Load balancing can be explained as the intelligent distribution of data (workloads) among multiple computing services (server pool) in order to provide reliability, redundancy, and for improving the performance.
A load balancer serves as the “traffic manager” of your servers, routing client requests equally across all available servers ensuring no server is overloaded, which might degrade the performance. It also ensures no server is idle and provides a flexibility of addition or subtraction of servers as per demand.
Load balancing algorithm techniques
The load balancing algorithm used determines the selection of backend servers to forward the traffic. This is based on:
i) Server health
ii) Predefined conditions
Different types of load balancing algorithms are meant for different benefits and the choice depends on your needs. To implement load balancing, a load balancer coupled with at least one more additional server is required. Depending on the distribution of the load, whether it is on the network or application layer, algorithms widely vary. Some of the efficient, frequently used network layer load balancing algorithms include:
1. Round Robin Algorithm
This involves a cyclical sequential distribution of request to servers and is ideal for a throng comprising of identical servers.
The two types in Round robin are:
i) Weighted round robin: It can be used effectively for a cluster of unidentical servers as each server is assigned a weight based on its structure and efficiency. It also follows a cyclical procedure but the server preference happens according to the preassigned efficiency. Thus, efficient servers are loaded more. Besides the server capacity, it is preferred if one server should get a substantially lower number of connections than an equally capable server, since the first server runs critical applications and it should not be easily overloaded.
ii) Dynamic round robin: It forwards the requests to the associated server based on a real-time calculation of server weights.
2. Least connections
Here, the relative computing capacity of each server is monitored and the server with least active transactions is selected to distribute the load.
3. Weighted least connections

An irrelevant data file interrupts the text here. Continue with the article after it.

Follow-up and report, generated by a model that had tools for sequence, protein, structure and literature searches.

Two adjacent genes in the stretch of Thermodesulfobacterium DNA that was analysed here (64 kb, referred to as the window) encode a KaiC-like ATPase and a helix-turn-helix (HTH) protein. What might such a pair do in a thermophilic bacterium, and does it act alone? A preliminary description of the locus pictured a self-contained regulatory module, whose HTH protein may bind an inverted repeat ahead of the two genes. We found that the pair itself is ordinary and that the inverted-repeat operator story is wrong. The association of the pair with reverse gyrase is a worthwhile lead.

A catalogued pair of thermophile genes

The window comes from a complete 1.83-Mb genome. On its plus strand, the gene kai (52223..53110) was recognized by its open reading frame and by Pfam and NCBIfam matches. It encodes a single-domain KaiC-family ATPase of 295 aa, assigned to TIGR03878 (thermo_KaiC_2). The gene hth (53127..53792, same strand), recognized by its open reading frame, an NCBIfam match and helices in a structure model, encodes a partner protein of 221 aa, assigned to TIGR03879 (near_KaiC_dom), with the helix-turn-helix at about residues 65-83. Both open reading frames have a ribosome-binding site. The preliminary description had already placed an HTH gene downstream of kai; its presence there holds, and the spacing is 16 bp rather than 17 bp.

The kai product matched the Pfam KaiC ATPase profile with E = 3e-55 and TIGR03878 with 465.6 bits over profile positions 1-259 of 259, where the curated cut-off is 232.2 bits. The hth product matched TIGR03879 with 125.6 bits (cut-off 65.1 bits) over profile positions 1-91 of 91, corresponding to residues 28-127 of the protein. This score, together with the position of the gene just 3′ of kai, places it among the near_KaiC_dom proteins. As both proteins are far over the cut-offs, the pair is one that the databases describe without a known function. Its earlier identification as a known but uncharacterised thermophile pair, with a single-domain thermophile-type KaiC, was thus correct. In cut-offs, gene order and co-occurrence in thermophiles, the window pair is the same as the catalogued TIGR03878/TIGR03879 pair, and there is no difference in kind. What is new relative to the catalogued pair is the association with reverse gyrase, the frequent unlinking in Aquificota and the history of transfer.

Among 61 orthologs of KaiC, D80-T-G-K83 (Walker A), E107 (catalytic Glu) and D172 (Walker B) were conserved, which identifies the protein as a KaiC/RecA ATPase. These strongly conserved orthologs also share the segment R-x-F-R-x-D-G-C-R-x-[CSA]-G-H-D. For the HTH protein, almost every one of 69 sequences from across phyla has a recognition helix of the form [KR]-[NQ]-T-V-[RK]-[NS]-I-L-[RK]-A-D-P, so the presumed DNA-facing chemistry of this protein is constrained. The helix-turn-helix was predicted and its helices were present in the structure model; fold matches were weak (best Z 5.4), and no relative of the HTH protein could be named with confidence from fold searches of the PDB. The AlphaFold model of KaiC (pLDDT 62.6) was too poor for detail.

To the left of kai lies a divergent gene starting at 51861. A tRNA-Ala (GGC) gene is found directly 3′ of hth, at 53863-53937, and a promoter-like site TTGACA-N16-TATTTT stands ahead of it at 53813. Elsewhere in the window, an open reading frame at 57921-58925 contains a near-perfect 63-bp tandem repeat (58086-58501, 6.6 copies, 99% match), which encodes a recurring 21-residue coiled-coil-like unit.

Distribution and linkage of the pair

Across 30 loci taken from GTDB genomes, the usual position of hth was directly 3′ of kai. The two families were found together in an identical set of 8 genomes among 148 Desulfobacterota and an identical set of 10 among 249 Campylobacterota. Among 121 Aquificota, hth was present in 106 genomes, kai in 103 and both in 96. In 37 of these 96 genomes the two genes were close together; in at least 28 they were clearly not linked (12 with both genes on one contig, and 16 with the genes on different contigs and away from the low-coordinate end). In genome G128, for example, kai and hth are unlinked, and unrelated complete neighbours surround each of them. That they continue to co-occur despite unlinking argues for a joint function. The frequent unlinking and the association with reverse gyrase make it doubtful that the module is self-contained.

The load distribution is based on both the number of active connections to each server and the relative server capacity.
The selection of back-end server is based on a hash of the source IP of the request, like the IP address of the visitor. The distribution is altered if a web node fails and becomes out of service. As long as all servers are running, a particular user is consistently connected to the same server.
5. URL hash
Hashing is performed on the request URL. This avoids duplication cache, by storing the same object in several caches, thus the effective capacity of the backend caches is increased.
6. The least response time
The backend server is selected in preference with the least response time, ensuring the end client receives an immediate response.
7. The least bandwidth and the least packets method
The back end server is decided by the load balancer depending on the bandwidth consumption for the last fourteen seconds. The associated server which consumes the least bandwidth is selected. Similarly, at least packets method, the server transmitting the least packets receive new requests from the load balancer.
8. The custom load method
The servers are chosen depending on their load, which is calculated based on the CPU usage, memory and response time. The server load is evaluated by load monitor. Resource utilization can be established efficiently by this method.
Even these algorithms are sufficient in predictable traffic scenarios, they are not that effective in dealing with uneven or unexpected server loads.
Application layer algorithms
Here the requests are dispersed according to the content of the request to be processed, including the session cookies along with the HTTP/S header and message. As this is data-driven, an intelligent distribution of the incoming requests is possible. Even the tracking of responses can be done as they provide data regarding each server load when they travel back from the server.The most significant application layer algorithm is:
Least pending requests (LPR)
The pending requests are monitored and efficiently distributed across the most available servers. It can adapt instantly to an abrupt inflow of new connections, equally monitoring the workload of all the connected servers.
Benefits include Request specific distribution and Accurate load distribution.
The technique to be chosen mainly confides on:
i) Type of application/service being requested.
ii) Network and server performance at the time the request is made.
Simple balancing methods work with is less load, while complex techniques are required at busier times for an efficient request distribution.